Running on snow may slow you down. But it works muscle groups you may not even realize you have.

Winter running isn’t just a whim. It can help you become a better runner. But there are risks to it. You need to wear the right gear and adjust your running technique to the weather conditions.

Read on to learn everything you need to know about running in winter.

Is It Safe to Run on Snow?

Snow and cold temperatures are not the problem. Your body can actually run faster in colder temperatures. The problem is ice. If you know your course and watch out for ice, running on snow is not only possible but enjoyable.

Running safely on snow calls for the right running shoes and adequate running wear. We’ll talk more about these in a bit.

First, let’s look at the reasons why you may want to run on snow.

Is Running on Snow a Better Workout?

Running on snow is not unlike running on the beach. If you don’t mind the drop in temperature, that is.

Like sand, snow increases resistance and makes your run more challenging. It works more of your muscle groups. Don’t be surprised if, at the end of your snow run, you’ll feel sorer than after a normal run.

Your heart will work harder too. Your body will use brown fat to stay warm, and so you’ll also burn more calories.

Will Running on Snow Make You Faster?

Running on snow slows you down. You won’t be able to run at your usual pace, but remember that your muscles have to work harder to get through the snow.

You’re basically giving them a harder workout than under normal conditions. You’re also forcing them to adapt to the changing terrain, which can make them more responsive.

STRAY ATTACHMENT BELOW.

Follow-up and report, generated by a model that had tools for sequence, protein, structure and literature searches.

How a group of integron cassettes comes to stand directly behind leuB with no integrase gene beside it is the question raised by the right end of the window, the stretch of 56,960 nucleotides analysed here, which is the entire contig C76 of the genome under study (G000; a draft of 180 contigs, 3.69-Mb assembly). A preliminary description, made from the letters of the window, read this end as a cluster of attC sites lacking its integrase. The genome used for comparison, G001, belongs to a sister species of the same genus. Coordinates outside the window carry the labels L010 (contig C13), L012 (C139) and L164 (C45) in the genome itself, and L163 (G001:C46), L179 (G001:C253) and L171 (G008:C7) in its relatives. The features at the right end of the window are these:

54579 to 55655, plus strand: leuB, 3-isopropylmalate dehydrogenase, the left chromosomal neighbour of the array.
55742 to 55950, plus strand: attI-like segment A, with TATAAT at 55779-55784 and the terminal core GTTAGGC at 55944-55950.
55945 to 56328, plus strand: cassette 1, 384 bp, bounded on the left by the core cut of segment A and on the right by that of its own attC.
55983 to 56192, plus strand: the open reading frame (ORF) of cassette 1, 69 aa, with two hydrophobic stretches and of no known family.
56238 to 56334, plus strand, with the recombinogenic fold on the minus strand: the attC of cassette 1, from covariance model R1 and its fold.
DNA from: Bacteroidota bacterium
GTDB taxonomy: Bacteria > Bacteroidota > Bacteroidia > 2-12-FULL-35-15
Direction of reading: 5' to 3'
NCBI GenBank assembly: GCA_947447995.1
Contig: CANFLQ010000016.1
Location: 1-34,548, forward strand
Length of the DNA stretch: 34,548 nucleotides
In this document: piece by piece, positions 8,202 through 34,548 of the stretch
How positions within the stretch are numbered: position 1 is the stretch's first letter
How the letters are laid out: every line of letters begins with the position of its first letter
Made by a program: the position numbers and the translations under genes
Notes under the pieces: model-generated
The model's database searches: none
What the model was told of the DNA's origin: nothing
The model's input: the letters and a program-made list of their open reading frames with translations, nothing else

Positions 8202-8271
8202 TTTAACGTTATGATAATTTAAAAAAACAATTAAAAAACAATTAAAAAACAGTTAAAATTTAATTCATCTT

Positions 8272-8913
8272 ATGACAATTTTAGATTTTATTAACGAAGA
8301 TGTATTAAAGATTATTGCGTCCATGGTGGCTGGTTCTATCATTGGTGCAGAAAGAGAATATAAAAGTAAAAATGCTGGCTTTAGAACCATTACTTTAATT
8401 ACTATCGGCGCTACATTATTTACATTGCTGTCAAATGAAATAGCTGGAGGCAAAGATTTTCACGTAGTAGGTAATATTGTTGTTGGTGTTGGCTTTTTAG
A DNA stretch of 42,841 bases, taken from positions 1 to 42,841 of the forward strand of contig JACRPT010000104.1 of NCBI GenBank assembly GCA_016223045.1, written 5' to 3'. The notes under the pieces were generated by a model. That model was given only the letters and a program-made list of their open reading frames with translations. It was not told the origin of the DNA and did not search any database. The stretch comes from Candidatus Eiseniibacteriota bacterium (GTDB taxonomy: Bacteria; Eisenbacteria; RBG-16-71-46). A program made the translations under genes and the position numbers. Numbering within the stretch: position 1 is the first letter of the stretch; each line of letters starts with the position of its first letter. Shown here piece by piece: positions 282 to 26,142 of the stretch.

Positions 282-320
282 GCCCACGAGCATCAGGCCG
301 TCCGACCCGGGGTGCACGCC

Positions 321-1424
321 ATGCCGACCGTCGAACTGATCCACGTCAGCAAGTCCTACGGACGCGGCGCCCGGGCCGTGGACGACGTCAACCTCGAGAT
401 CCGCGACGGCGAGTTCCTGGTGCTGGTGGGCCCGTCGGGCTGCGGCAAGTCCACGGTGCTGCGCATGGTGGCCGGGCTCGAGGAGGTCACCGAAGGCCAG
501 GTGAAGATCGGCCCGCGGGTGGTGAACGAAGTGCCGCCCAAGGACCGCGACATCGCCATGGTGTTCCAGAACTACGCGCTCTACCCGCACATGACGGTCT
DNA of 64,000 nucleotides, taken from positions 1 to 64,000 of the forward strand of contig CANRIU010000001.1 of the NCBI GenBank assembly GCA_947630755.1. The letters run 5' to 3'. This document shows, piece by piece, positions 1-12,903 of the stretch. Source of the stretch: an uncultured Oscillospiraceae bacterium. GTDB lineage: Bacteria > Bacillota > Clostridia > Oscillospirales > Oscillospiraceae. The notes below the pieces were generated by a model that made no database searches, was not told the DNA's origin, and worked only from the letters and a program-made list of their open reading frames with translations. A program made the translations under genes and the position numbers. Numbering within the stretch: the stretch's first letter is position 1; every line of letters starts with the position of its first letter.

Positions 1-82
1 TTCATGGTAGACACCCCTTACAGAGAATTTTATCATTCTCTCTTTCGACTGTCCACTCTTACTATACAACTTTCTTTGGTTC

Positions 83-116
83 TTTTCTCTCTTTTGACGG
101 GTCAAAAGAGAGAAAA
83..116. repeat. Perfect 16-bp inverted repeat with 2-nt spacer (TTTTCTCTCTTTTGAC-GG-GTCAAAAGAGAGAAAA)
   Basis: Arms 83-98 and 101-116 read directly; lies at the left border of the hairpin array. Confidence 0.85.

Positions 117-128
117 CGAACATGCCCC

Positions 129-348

Benefits of Running on Snow

Don’t want to interrupt your running habit during winter? Running on snow has several notable benefits. Let’s zoom in on the main ones.

1. Builds muscle strength

Running on snow increases the resistance your running muscles face. So that even if you’re running slower, you’re working your muscles more.

High snow works your muscles the most. But even low snow ups your muscular workout. The bottom line is that snow running is a great way to strengthen your running muscles.

2. Works more muscles

Your hip muscles, glutes, and lower back muscles work harder when you run on snow to stabilize you. Running on snow can help some runners work underdeveloped muscles like the hips or glutes. This can reduce their risk of running injuries.

3. Builds speed

In addition to working your muscles harder, running on snow increases their responsiveness. It may also help you shed extra pounds (more about this in a bit).

The combined effect of stronger, more responsive muscles and lower body weight can make you a faster runner. How much speed you gain through running on snow depends on your current fitness level.

4. Helps you get fit faster

The extra strain that the snow puts on your muscles means your heart has to work harder too. It will pump more to get oxygenated blood to reach all your tissues. This, together with the demanding muscle workout, can help you increase your fitness level faster.